Beholdeth My English 10.9.10

For awhile I had been wanting to pick up some English books for use in the English lessons I’ve been teaching. I felt like I need something a bit more substantial that clips from TV shows I brought with me and random games I took of the internet. I heard that magazines can be pretty useful when teaching English because the level is appropriate for most intermediate students. Unfortunately, the bookstores in my immediate vicinity do not stock English magazines or books. With this in mind I decided to visit the largest nearby city, Matsuyama.

Captain Crunch happened to be heading to Matsuyama as well so he offered me a ride. After about 20 minutes of navigating the road to Matsuyama he dropped me off at the largest bookstore and bid me adieu. The place was 6 stories tall.

I precariously made my way into the somewhat mammoth bookstore and took a look at the store map and found that the English books were on the 6th floor. I made my way up the escalators and eventually arrived at the corner of the store reserved for English novels and magazines. As I was browsing through their collection of books another Japanese person came into the aisle.

Ah crap, a Japanese person. What are they going to think when they see a gaijin reading gossip magazines
Japanese person: [ignoring my presence]
Oh right, everyone thinks I’m Japanese in the first place. Wait, then maybe they think I can’t read English! I’ll show them…

At this point I picked up a copy of Scientific American and start reading it at fast pace.

Check me out, reading English like a pro
Japanese person: [still ignoring my presence]

Eventually I resumed browsing for materials I could use for teaching English. I eventually settled on some volumes of Encyclopedia Brown. I also picked up the English translation of Nodame Cantabile for Captain Crunch since he is a fan of the series.

After purchasing my books I decided to grab some lunch. I walked down some side alleys and found a place that was specialized in serving katsu. I decided to give it a try. The place was pretty small but the décor was nice. The kitchen was located right at the entrance of the shop so a customer could easily see everything the chefs were doing. I sat down and looked at the menu. The cheapest item on the menu was 2,000 yen ($20). Though considering my average bill when I ate out was about 700 yen ($7) I decided now was as good a time as any to splurge a bit. I ended up ordering the beef katsu set.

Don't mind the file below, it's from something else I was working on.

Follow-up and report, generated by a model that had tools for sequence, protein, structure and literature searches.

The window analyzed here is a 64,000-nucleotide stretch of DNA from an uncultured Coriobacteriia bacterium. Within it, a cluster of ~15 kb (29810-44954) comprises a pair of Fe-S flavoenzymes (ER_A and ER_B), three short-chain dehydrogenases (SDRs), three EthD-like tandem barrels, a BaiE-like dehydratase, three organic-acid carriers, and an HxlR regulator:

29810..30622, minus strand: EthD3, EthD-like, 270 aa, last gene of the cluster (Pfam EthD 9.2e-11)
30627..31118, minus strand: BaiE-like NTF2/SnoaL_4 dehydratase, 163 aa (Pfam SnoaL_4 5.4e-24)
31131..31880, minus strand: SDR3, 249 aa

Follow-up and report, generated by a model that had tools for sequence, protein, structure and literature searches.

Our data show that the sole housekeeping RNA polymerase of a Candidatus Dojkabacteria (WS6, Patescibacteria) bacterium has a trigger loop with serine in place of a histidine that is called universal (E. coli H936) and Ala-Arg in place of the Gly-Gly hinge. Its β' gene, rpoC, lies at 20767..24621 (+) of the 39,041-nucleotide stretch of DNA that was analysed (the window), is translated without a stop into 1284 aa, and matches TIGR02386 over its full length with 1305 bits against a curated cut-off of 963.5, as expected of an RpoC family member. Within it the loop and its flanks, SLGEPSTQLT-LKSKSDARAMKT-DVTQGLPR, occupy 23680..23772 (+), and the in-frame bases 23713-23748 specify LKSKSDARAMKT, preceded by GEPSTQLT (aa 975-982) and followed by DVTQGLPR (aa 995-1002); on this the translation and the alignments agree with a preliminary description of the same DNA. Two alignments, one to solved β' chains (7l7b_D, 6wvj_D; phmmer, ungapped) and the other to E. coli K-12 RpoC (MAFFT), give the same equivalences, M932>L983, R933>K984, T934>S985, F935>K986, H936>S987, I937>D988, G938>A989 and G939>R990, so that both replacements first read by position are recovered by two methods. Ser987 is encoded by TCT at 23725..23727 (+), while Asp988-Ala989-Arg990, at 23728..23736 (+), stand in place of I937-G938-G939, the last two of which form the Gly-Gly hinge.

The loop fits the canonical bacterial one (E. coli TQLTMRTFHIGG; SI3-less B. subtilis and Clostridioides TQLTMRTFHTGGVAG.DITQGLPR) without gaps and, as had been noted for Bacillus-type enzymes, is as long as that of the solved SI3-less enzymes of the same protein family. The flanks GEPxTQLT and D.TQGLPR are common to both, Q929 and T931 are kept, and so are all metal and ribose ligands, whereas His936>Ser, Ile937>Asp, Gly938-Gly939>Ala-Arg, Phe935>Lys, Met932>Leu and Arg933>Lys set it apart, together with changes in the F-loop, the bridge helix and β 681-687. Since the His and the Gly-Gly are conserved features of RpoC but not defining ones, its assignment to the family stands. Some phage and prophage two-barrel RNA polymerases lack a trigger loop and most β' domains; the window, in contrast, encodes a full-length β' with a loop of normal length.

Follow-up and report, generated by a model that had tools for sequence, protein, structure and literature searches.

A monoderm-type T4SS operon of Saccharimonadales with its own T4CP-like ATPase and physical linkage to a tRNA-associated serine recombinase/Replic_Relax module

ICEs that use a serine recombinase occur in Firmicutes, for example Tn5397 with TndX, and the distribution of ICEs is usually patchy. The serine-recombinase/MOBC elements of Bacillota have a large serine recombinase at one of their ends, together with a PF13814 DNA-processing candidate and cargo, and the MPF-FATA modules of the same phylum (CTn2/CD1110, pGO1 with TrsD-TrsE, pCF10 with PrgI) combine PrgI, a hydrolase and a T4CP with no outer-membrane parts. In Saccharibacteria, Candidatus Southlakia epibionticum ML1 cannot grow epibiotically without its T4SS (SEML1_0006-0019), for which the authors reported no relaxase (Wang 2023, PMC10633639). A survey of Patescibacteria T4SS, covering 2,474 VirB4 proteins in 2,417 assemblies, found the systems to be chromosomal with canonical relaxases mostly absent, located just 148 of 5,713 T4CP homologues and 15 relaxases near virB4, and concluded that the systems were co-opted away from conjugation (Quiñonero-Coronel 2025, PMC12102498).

Beef Katsu

Totally worth it.
I also want to note how much I love the Japanese mentality of frying everything.

With my belly full of expensive katsu I stopped by a music store to pick up some CDs. I ended up picking up the new cd by The Pillows and another Perfume CD [don’t judge me]. I also noticed they had a display featuring KARA but not one for SNSD [I said don’t judge me]. Following my purchase I realized it was getting pretty late. I decided to hop on the local tram to the train station and take the train back to Imabari.

This entry was posted in Blahg, Japan. Bookmark the permalink.

7 Responses to Beholdeth My English 10.9.10

  1. agnes chow says:

    exchange rate is wrong! 80 yen to a dollar now.
    I was told food are the best at small stalls.
    Quite expensive! I budget my meals like you.

  2. dyshin says:

    Italics is cruise control for cool

  3. Ina says:

    Pillows still your favorite? =)
    I remember that was on the SYLP scavenger hunt.

    • Cchan says:

      I’m flattered that you remember something as minor as that ^^
      The Pillows are still one of my favorite bands, but Rurutia is hands down my favorite singer. If you have time I highly recommend checking out some of her music 😀

  4. Ina says:

    Such bubbly music choice. =)

    • Cchan says:

      Yeah…but if I listen to that kind of music for too long I can feel my brain start to rot.
      Which kind of explains why I have such a short attention span 0TL

Leave a Reply

Fill in your details below or click an icon to log in: Logo

You are commenting using your account. Log Out / Change )

Twitter picture

You are commenting using your Twitter account. Log Out / Change )

Facebook photo

You are commenting using your Facebook account. Log Out / Change )

Google+ photo

You are commenting using your Google+ account. Log Out / Change )

Connecting to %s